Page:Popular Science Monthly Volume 38.djvu/860

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In November, 1889, the Archaeological Association of the University of Pennsylvania was organized, and Dr. Brinton at once became a leading spirit in its councils, and by personal labor and influence materially advanced its progress. The formation of a museum is necessarily slow work, and too often fails through misdirected energy; but this has not been the fate of the undertaking in question. Looking upon such a museum as valuable in proportion to its collections being the result of exploration intelligently conducted, Brinton insisted, from the Very outset, that by such means, rather than by the purchase of collections or single specimens, should the work be carried on. His wise counsel has prevailed, and as material for the illustration of archaeological lectures, the university now possesses hundreds of objects of which every available fact with reference to their history is known.

Dr. Brinton's scientific work covers so broad a field that it is difficult for any one person to follow him wheresoever he leads; but if it be a safe guide to accept the general trend of criticism among archaeologists, ethnologists, and those learned in linguistic lore, he has touched upon no subject without throwing light thereon, and to-day, still young in years and vigorous both of mind and body, is preparing for further labors. American science and American letters may be proud of such a worker, for his position, both as a scientist and a littérateur, is no uncertain one.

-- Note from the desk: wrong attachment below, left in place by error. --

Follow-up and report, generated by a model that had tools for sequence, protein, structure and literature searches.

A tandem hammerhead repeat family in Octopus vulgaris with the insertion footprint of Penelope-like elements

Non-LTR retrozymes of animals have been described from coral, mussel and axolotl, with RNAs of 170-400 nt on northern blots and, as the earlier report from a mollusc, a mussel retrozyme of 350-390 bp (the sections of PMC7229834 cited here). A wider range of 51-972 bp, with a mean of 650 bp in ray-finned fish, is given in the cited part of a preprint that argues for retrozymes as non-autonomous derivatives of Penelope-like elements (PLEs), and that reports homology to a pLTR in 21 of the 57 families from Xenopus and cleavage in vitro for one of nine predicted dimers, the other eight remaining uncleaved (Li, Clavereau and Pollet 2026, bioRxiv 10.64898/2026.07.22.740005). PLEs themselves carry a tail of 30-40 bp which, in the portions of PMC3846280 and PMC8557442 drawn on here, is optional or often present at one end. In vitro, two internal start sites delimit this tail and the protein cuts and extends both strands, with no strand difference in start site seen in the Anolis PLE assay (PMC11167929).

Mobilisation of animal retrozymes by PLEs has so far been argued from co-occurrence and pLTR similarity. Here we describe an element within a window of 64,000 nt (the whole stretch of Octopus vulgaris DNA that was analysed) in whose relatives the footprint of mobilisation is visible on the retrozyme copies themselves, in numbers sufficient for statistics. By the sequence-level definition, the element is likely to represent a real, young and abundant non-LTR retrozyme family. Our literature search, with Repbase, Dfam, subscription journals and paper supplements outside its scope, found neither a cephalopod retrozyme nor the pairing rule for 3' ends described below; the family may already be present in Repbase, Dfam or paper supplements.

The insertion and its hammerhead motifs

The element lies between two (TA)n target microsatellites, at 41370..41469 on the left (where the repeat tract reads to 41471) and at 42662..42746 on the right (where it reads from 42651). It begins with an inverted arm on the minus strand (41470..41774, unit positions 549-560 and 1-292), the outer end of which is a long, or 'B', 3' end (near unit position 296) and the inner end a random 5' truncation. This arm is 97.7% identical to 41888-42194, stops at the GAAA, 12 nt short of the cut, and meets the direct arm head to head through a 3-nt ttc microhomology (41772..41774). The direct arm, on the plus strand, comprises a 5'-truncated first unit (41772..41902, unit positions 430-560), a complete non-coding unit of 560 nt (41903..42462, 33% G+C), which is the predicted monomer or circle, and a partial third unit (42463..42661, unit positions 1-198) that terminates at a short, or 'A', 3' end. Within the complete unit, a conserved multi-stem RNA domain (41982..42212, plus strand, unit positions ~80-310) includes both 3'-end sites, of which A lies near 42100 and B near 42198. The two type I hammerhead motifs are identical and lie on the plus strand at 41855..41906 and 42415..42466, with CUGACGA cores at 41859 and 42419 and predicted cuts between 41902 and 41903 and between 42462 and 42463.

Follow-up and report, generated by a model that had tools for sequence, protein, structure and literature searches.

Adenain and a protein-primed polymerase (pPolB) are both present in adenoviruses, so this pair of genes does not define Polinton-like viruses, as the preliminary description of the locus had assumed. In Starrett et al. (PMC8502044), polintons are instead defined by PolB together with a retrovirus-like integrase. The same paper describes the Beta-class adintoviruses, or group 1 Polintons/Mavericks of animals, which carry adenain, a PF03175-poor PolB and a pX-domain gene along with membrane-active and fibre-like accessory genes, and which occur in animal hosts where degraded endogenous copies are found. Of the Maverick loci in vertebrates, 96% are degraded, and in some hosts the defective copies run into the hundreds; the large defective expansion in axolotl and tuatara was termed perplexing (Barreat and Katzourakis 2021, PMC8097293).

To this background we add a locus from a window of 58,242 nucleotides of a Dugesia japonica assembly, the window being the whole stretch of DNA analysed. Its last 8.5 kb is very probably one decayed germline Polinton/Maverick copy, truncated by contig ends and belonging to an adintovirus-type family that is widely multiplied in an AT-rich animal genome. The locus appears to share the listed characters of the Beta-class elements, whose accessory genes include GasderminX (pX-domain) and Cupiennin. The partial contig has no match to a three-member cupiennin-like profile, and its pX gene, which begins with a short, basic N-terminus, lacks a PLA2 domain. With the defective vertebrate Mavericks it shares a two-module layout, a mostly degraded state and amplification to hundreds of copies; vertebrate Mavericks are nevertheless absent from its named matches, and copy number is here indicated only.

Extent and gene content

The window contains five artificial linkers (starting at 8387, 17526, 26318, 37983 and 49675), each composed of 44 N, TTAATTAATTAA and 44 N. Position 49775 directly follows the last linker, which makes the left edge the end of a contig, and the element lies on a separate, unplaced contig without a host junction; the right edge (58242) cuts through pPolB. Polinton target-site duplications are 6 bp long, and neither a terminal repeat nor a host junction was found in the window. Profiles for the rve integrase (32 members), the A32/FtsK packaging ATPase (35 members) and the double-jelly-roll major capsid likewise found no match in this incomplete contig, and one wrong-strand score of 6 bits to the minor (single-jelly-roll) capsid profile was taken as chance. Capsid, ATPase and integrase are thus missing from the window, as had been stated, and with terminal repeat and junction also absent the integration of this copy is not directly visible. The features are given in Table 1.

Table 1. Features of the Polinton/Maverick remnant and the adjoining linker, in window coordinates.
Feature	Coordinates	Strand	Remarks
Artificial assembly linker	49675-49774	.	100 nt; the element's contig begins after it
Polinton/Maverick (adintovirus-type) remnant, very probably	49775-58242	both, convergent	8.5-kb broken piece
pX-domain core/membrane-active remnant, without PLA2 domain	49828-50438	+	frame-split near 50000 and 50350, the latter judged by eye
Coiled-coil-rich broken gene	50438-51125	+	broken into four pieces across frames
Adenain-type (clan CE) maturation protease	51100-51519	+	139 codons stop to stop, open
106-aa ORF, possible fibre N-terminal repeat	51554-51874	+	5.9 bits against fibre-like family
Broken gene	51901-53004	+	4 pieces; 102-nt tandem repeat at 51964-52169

Besides the two positions that he holds in Philadelphia, to which reference has been made, Dr. Brinton is President of the American Folk-lore Society and of the Numismatic and Antiquarian Society of Philadelphia; member of the Anthropological Societies of Berlin, and Vienna, and of the Ethnographical Societies of Paris and Florence; of the Royal Society of Antiquaries, Copenhagen; the Royal Academy of History of Madrid; the American Philosophical Society, the American Antiquarian Society, etc.

The aboriginal race of Tasmania, of which only a single survivor remains—if she be really of pure blood, which is doubted—was one of peculiar interest, for it continued down to our own times at a degree of culture hardly equal to that of the palaaolithic flint-workers. The making of rude stone implements and of baskets were almost the only arts they possessed. They made fire by the stick and drill; for ornaments they had strings of shell; and for weapons only the spear and the waddy. Their huts were slight, and they had no knowledge of agriculture. Dr. Tylor says that their life may give some idea of the conditions of the earliest prehistoric tribes of the Old World, except that they had a milder climate than the others and no large animals, and were in some arts rather below them. All the information respecting these people has been collected by Mr. H. Ling Roth for his book upon them.